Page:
The Exclusivity of Language

Google defines “doublespeak” as “deliberately euphemistic, ambiguous, or obscure language.” I want to open up with this term because I am well-aware that there is some language used in the real estate business that is not only inaccessible to the people the realty agents sell to, but some of it is very deliberately misleading. There is plenty of discipline-specific terminology used in many varying fields, but not every field has any built-in need to deceive people. The average person might have no clue what enjambment is or what Plato thinks of poetry, but you won’t see anyone going around falsely claiming that there exists a line break quota for every one hundred words or that Plato exults the usefulness of poetry in The Republic (thanks Plato, for being so supportive). For salespeople, however, they have the potential to financially benefit from deceit. Sure the business of selling houses isn’t the only field for which this is true, but I’ll stick to what I know and have experience with.

My knowledge base is sourced through my mom, who began work as a real estate broker in the early 2000s when business was booming. I started working for her unofficially circa 2009, at first advertising and filing for my mom’s business, and then moving on to more secretarial work, i.e., answering phones, scheduling appointments, etc. It was and still is difficult getting a foothold on all the terminology the realty agents throw around when I have no personal experience investing in real estate or selling any houses myself, but I learned early on that there is some element of insider language that one usually only picks up if they spend time in the business. I think the key to doublespeak in real estate might actually be experience, just as it may also be true for the big players on Wall Street. We’ll take a man like Steve Eisman, who is presented as someone who quite suddenly finds himself in the midst of a business he has little experience in, and subsequently defies all expectations of failure and instead quickly rises to the top. Eisman immersed himself into a new environment, much like many of us, as the readers of The Big Short are doing now with all this economics business, and opened himself up to learning all the tricks of the trade. Experience followed involvement for Eisman (as it often does in the learning process of just about anything), so who’s to say where Eisman might have ended up if he had remained a lawyer like he originally planned?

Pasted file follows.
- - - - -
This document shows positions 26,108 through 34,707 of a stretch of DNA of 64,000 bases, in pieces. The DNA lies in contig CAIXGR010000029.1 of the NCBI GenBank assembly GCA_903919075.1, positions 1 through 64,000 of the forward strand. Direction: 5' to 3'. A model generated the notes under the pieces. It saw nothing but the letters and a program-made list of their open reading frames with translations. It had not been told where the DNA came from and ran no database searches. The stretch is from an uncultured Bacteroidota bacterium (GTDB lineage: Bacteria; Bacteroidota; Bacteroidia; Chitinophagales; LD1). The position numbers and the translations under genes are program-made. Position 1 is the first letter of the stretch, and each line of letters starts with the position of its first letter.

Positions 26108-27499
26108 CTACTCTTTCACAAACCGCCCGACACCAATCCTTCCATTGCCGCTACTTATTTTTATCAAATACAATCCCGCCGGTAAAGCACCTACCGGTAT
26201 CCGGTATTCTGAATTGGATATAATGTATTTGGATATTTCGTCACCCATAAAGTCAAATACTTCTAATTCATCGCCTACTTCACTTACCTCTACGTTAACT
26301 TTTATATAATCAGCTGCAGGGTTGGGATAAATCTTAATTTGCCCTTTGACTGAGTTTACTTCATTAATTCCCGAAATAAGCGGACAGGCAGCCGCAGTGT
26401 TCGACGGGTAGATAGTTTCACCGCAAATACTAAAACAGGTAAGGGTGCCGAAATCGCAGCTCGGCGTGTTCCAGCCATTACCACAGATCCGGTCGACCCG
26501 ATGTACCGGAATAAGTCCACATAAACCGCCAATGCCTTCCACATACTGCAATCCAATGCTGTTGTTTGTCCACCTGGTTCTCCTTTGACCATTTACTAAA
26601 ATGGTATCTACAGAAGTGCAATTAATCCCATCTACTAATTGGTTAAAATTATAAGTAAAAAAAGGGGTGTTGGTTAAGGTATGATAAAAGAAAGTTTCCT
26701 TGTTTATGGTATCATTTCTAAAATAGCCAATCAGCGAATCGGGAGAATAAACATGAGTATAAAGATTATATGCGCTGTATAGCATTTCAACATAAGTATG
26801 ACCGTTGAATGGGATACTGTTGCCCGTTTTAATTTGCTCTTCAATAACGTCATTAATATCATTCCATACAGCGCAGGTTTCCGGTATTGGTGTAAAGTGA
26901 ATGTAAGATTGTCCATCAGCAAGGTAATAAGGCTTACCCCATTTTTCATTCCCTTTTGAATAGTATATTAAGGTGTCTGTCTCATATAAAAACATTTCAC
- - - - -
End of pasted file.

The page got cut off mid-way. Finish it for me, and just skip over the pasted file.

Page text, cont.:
I’ll circle back to doublespeak and experience. While it may often seem as though Eisman was inexperienced coming into the story, what with the way he constantly asks clarifying questions when conversing with other Wall Street big names, it can be easy to forget that he was raised by a couple who spent years working in the financial business for Oppenheimer. The man had some indirect experience with finance, just like I do with real estate. This is where doublespeak comes in as a technique employed for the purpose of tricking people out of their money. With direct exposure to the field of finance, Eisman came to learn how the banks were profiting off of deceit. People were encouraged to take out loans they couldn’t afford to pay back, and bankers/sellers did this by pitching their deals to easy targets, which was anyone who didn’t understand the value of what they were buying or how much they were being profited off of. Eisman was able to observe and then play into this game of tricking people, recognizing that this deceit was rooted in a lack of understanding on the part of the people being deceived, (or else they obviously wouldn’t be getting tricked). Refinancing, for one, was very common around the time of the crash, but there is danger in doing this, not that the banks would tell people this. A banker might try to tell a homeowner that refinancing is fine, that everyone does it, but there are associated risks with refinancing, chief among them being that banks aren’t just going to hand out money without ultimately getting more of it back. If a term like “refinancing” throws someone off, if a person doesn’t fully comprehend its meaning, then that lack of knowledge could be used to that person’s disadvantage. Eisman recognized these deceptive tendencies in the financial business, but refused to budge when it came to doing business with other people and their companies. Consequently, Eisman’s personality and manner of speaking comes off as refreshing, just as he is contrasted with all those other people in the book who seek to stretch the laws to their advantage and trick people for their own financial gain.